Rubber-Band Ligation of Hemorrhoids Technique

Updated: Sep 05, 2017
  • Author: Pradeep Saxena, MBBS, MS; Chief Editor: Kurt E Roberts, MD  more...
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Technique

Rubber-Band Ligation

Usually, one or two hemorrhoids are ligated at a time. Any remaining hemorrhoids may be ligated after a period of 4-6 weeks.

A Barron hemorrhoidal ligator with a hemorrhoid-grasping forceps is used. The ligator has a drum at one end over which rubber bands are loaded. It is connected with a 30-cm shaft to the handle, which has a trigger to release the bands.

A loading cone is screwed over the drum of the Barron hemorrhoidal ligator. Two rubber rings/bands are slipped to load the ligator (see the first image below). The hemorrhoid-grasping forceps is then passed through the drum of the ligator and is now ready to grasp the hemorrhoid (see the second image below).

Loaded rubber rings on drum of Barron hemorrhoidal Loaded rubber rings on drum of Barron hemorrhoidal ligator.
Loaded band ligator ready for use. Loaded band ligator ready for use.

A proctoscope/anoscope is inserted into the anal opening. The hemorrhoids are visualized, and the most prominent hemorrhoid is addressed first. The assistant holds and maintains the position of the anoscope, while the operator holds the preloaded Barron band ligator with the grasping forceps. The internal hemorrhoid is grasped with the forceps about 1 cm proximal to the dentate line and maneuvered into the drum of the ligator (see the image below). If the patient complains of pain, a more proximal point should be selected for band ligation.

Grasping forceps holding the hemorrhoid. Grasping forceps holding the hemorrhoid.

The hemorrhoid is pulled taut through the drum of the ligator (see the first image below). The ligator is then pushed up against the base of the hemorrhoid, and the trigger is released to apply two rubber rings/bands to the base of the hemorrhoid (see the second image below). The process is repeated for other hemorrhoids.

Hemorrhoid held taut, with drum of ligator pushed Hemorrhoid held taut, with drum of ligator pushed against base of hemorrhoid and trigger released.
Rubber bands applied on hemorrhoid. Rubber bands applied on hemorrhoid.

Alternatively, a suction hemorrhoid ligator may be used. This instrument draws the hemorrhoidal mass into the drum through suction; therefore, the grasping forceps is not required. After the pile mass has been adequately drawn into the drum by means of suction, the trigger is released to apply the rings to the base of the hemorrhoid.

Multiple pile masses may be ligated, but more than one banding session spaced over 3-4 weeks may be required.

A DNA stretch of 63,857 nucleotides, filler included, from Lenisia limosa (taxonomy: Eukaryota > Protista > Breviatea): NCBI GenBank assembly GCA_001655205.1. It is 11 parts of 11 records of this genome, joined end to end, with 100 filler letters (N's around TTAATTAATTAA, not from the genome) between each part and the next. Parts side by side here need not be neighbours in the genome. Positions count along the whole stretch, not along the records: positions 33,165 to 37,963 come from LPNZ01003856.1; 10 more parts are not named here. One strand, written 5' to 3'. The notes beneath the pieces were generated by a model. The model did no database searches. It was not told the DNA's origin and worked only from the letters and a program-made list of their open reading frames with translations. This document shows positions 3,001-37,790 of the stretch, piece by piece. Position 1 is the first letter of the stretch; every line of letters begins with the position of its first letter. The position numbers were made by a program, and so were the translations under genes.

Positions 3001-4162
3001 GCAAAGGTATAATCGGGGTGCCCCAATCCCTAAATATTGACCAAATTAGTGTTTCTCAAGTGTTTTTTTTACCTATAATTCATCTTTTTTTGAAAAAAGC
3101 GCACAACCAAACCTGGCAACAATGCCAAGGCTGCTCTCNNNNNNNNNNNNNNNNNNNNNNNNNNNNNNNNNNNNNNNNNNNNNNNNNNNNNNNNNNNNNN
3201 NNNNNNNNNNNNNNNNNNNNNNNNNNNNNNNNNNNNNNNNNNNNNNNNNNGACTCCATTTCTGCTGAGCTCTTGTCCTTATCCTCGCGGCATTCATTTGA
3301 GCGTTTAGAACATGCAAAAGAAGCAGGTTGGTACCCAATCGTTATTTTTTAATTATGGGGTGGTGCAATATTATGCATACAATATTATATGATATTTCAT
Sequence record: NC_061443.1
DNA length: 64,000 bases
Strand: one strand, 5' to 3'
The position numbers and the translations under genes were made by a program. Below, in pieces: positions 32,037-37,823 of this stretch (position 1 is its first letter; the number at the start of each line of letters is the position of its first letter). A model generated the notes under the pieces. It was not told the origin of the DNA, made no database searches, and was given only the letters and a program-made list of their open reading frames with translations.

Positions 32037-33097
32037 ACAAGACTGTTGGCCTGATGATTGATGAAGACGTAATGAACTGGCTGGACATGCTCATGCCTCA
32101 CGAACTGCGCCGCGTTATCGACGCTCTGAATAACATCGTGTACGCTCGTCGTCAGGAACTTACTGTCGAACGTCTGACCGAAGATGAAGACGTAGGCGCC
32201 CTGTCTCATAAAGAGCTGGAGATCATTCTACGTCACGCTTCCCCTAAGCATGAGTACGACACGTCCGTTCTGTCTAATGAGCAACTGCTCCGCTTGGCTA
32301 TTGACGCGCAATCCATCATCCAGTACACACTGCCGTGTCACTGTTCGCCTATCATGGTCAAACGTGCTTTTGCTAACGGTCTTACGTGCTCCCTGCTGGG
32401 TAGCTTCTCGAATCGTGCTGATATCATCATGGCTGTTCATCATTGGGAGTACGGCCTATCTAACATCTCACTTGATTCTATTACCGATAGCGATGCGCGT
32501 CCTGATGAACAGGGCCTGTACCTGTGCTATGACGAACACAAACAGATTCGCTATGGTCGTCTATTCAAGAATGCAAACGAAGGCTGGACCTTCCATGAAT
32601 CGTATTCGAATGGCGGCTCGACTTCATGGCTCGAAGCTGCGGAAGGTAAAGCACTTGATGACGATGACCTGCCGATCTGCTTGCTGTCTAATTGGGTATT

The procedure is shown in the video below.

Barron band ligation for hemorrhoids.
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Complications

Most complications of the procedure are minor and self-limiting; they can be managed on an outpatient basis. Complications of rubber-band hemorrhoid ligation include the following:

  • Pain (32%) [3]
  • Vasovagal symptoms (dizziness and fainting) [4]
  • Bleeding (1-5%)
  • External hemorrhoid thrombosis (2-3%)
  • Ulceration [13]
  • Fulminant sepsis

Some discomfort in the anal region may be felt for a few days and is usually relieved by sitz baths and analgesics. In case of severe pain, removal of the rings is necessary. The rubber ring may be removed by conventional stitch-cutting scissors.

Late bleeding (1-2 weeks after the procedure) may be significant, and patients should be advised to keep a watch on the amount of blood loss. If bleeding is reported, anoscopic examination should be done under adequate visualization and anesthesia. If the bleeding site is identified, suture ligation should be done. If the patient is pale, hypotensive, and tachycardic, hospitalization and blood transfusion may be required.

If thrombosis of the corresponding external hemorrhoid occurs after internal hemorrhoid ligation, excision of the thrombosed external hemorrhoid may be required.

Sepsis has been reported in a few cases after band ligation. Young males are at increased risk. The septic patient presents with fever, anorectal pain, perineal pain, scrotal swelling, difficulty in micturition, cellulitis, and sometimes frank gangrene. The clinician should carefully examine the patient for anorectal complains before embarking on rubber-band ligation. Failure to recognize a septic process in this region may lead to fatal sepsis with extensive cellulitis and gangrene after the procedure. Treatment is with extensive debridement, wound toilet, and parenteral antibiotics. Colostomy may sometimes be required. [2]

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